The Temple of Hathour
The Temple Of Nefertari
While not as massive in size as the Great Temple of Rameses II, The Temple of Hathour is another interesting monument in Abu Simbel and is within close proximity to the great temple. This smaller temple was dedicated to the goddess Hathor and was built by Rameses as a tribute to his queen, Nefertari.
Just like the great temple, images of Rameses dominate the entrance of The Temple of Hathour too, however, there are statues of Nefertari as well positioned at each flank of the entrance in between massive statues of Rameses and yet again smaller statues of their princes at princesses at their feet.
Rameses must have had a great deal of affection for Nefertari because it was unprecedented to have same-size statues of a king’s wife beside her Lord in front of a temple.
The Interior Design
The design of the space within The Temple of Hathour is a little barer than that of the great temple. Images on the walls show Nefertari accompanying Rameses in the performance of religious rituals, worshipping and making sacrifices to the goddesses Hathor and Mut.
Again, just like Ramesses was depicted as a celestial king within the great temple, Nefertari is also depicted as a deified queen inside the temple of Hathor.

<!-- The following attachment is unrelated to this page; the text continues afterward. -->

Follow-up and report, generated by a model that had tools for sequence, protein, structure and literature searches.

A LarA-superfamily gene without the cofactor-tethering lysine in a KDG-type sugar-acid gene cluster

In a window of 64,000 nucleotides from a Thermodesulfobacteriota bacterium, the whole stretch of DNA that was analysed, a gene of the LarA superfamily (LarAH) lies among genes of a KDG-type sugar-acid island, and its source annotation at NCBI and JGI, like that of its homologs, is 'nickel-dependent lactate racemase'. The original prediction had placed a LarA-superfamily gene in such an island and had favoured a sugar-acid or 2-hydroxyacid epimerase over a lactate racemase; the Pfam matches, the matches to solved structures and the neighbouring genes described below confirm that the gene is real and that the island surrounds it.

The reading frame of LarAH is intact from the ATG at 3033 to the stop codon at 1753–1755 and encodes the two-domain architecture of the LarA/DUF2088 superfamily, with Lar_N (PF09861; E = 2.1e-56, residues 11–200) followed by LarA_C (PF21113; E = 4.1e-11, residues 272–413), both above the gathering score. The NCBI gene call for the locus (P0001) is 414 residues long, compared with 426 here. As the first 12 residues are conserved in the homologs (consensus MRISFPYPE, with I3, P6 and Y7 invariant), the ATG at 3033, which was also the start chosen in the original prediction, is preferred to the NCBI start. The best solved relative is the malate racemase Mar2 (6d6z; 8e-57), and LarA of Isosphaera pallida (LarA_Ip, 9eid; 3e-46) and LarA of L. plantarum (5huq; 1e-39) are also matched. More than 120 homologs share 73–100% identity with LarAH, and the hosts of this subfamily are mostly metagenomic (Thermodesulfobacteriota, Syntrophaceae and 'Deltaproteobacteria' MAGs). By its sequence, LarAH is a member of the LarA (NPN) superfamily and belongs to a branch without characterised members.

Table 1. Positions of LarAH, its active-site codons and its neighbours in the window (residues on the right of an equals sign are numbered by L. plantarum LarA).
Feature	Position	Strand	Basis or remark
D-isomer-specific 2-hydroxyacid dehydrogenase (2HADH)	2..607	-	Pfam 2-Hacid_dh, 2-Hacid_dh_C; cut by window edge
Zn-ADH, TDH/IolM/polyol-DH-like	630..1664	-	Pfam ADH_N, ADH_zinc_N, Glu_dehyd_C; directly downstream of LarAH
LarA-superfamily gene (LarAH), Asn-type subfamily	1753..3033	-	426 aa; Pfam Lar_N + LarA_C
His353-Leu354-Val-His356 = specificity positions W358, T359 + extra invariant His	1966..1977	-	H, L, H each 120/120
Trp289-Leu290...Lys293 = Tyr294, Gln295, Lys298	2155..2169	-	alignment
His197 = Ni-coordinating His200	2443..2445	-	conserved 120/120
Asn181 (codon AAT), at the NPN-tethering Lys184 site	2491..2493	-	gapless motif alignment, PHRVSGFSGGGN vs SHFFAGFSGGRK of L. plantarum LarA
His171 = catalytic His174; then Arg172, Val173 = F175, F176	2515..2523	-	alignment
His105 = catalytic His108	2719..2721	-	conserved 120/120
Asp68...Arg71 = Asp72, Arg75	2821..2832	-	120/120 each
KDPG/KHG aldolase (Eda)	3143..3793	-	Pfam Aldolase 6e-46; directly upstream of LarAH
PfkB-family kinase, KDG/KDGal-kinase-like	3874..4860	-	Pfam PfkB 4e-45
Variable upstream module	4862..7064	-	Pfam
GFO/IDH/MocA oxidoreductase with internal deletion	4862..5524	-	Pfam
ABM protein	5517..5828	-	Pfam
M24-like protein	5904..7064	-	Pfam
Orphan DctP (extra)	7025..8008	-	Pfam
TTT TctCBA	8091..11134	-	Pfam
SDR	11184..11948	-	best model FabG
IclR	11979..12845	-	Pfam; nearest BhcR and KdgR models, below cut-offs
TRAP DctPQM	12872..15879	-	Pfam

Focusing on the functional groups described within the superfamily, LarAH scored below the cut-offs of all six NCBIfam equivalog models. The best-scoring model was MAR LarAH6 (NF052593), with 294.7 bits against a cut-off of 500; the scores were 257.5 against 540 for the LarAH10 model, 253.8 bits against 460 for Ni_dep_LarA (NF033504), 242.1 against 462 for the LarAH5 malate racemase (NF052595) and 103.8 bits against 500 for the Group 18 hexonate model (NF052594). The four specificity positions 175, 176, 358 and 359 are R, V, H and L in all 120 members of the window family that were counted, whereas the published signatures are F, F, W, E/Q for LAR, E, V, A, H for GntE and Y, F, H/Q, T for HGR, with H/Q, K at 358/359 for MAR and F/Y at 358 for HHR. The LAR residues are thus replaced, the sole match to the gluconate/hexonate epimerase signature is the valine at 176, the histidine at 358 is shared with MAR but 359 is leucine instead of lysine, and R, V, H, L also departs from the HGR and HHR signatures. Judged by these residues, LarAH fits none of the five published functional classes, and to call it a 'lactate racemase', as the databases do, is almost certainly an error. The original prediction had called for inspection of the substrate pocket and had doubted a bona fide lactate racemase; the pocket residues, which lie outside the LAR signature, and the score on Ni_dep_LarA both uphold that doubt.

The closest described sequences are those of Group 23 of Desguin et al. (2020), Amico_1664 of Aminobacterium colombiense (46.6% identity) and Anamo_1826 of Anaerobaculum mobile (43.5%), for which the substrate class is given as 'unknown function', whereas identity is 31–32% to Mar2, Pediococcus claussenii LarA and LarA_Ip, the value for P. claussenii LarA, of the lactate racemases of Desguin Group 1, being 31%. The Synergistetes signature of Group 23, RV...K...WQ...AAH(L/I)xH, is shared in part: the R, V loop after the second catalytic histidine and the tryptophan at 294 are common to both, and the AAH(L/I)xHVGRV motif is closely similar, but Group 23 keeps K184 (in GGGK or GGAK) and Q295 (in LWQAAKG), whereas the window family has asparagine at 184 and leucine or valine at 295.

There are also carvings showing Rameses as a warrior eliminating his enemies on the wall. As opposed to the 4 rows of Orisis pillars in the great temple’s hall, the hall in The Temple of Hathour only feature three rows of two pillars each, all designed with images of Hathor heads.
Within the inner court, a huge image of Hathour carved out of the stone walls shows her in the form of a sacred cow-goddess rising out of the Western Mountain.
The antechamber is surrounded by vivid images of Hathour in her sacred boat and you get the feeling of being in a cave when walking through the side chambers which were etched out of the surrounding rocks.
Other Interesting Monuments In The Vicinity
Apart from the great temple of Rameses II and the temple of Hathour, there are still some interesting sites to view at Abu Simbel. Below the cliffs that house the temples can be found a set of stones into which the names of Nubian officials were carved.
Also, still visible are relics of a sun-court towards the northern edge of the great temple. In the vicinity as well as the marriage stele on which the contractual wedding between Rameses II and a Hittite princess was recorded.